Tuesday, January 06, 2015

Best Practices in Trading: Using Visualization as Emotional Preparation

The next best practice in our series is using imagery and visualization to change our thoughts, feelings, and actions as traders.  Imagery can be a powerful method for reprogramming our minds and reframing challenging trading situations.  Reader David Spengler offers this best practice from his own trading:

"In German, the phrase 'to jump into cold water' refers to a situation that is new and unknown and therefore risky.  Before entering a trade, I am visualizing exactly that situation to overcome fear and procrastination.  I close my eyes for a few seconds and imagine it is summer.  The sky is blue, it is very hot, and I am sweating.  I am standing by a pool.  Then I jump into the water headfirst.  It is a shock, but only for a second.  Then it feels unbelievably good, as I sense every cell in my body and the blood pulses through my veins, my heart pumping fast.  

This image reminds me that jumping into the cold water/taking risk can actually feel good.  More technically speaking, I reframe the situation.  Since I have made it a habit imagining this scene, problems executing my trading systems have been greatly diminished."

Notice here how a situation that could be experienced as unpleasant (risk taking) is transformed into something that is refreshing (diving into cold water on a hot day).   By making the visualization habitual, the exercise becomes a kind of self-hypnotic suggestion.  David uses the exercise to enter trades, but a very similar exercise could be used to reframe taking losses--or any desired trading behavior that might otherwise be avoided.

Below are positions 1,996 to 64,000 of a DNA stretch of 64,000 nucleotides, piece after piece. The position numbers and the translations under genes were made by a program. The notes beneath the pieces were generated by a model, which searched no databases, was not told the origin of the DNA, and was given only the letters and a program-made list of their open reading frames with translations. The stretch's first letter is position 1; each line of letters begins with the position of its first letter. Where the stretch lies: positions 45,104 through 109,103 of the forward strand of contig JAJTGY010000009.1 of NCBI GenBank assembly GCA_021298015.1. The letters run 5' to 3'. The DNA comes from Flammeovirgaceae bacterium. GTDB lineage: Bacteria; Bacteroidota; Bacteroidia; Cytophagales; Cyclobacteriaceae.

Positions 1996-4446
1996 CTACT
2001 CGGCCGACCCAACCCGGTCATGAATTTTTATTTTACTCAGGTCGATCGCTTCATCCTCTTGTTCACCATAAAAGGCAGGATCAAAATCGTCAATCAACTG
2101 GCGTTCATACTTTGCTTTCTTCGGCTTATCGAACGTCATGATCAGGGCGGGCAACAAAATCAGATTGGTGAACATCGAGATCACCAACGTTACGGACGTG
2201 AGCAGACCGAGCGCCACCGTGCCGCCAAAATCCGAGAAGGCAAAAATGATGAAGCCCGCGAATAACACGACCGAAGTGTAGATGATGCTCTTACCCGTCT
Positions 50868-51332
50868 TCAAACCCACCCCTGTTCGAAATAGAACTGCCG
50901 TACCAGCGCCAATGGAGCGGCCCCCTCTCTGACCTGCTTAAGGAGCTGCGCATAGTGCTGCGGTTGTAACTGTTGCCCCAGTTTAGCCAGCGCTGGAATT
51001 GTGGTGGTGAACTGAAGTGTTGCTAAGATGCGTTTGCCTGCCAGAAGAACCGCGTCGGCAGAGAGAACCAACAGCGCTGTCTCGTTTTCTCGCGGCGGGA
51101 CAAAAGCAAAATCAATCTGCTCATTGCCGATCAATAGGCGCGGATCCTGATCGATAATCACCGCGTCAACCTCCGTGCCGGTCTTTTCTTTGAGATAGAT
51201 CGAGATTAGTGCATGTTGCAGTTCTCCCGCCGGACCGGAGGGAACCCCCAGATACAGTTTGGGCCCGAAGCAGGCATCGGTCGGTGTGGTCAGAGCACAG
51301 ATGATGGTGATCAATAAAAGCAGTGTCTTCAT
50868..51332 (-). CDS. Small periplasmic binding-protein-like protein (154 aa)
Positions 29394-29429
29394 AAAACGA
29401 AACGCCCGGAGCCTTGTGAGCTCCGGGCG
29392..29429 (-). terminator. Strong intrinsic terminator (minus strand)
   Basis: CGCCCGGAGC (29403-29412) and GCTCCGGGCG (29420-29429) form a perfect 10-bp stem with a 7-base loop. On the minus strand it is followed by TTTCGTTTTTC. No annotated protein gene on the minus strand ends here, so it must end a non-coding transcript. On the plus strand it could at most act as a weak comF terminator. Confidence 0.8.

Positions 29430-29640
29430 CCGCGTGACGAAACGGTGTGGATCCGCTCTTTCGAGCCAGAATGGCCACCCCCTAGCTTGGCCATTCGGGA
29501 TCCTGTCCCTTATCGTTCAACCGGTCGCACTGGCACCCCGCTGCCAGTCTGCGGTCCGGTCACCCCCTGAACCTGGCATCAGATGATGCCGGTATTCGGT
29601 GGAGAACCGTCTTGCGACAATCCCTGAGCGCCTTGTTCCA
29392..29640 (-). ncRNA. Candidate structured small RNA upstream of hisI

I have found that visualization can also be used very effectively prior to the start of the trading day as a way to mentally rehearse one's trading plans.  By walking ourselves through various scenarios via imagery, we can mentally prepare ourselves to take the right actions.  What makes David's technique especially effective is that the imagery *emotionally* reframes the trading situation.  If we were to prepare ourselves at the start of the day by imagining ourselves stopping out of losing trades and refreshing ourselves for the next opportunities, the act of stopping out would become far less onerous.  

Replacing negative self-talk with positive imagery is a great way to retrain our thought process and channel our efforts in constructive directions.  The emotional preparation to act may be as important as the trading plan itself.

Further Reading:  Directing the Movies in Your Head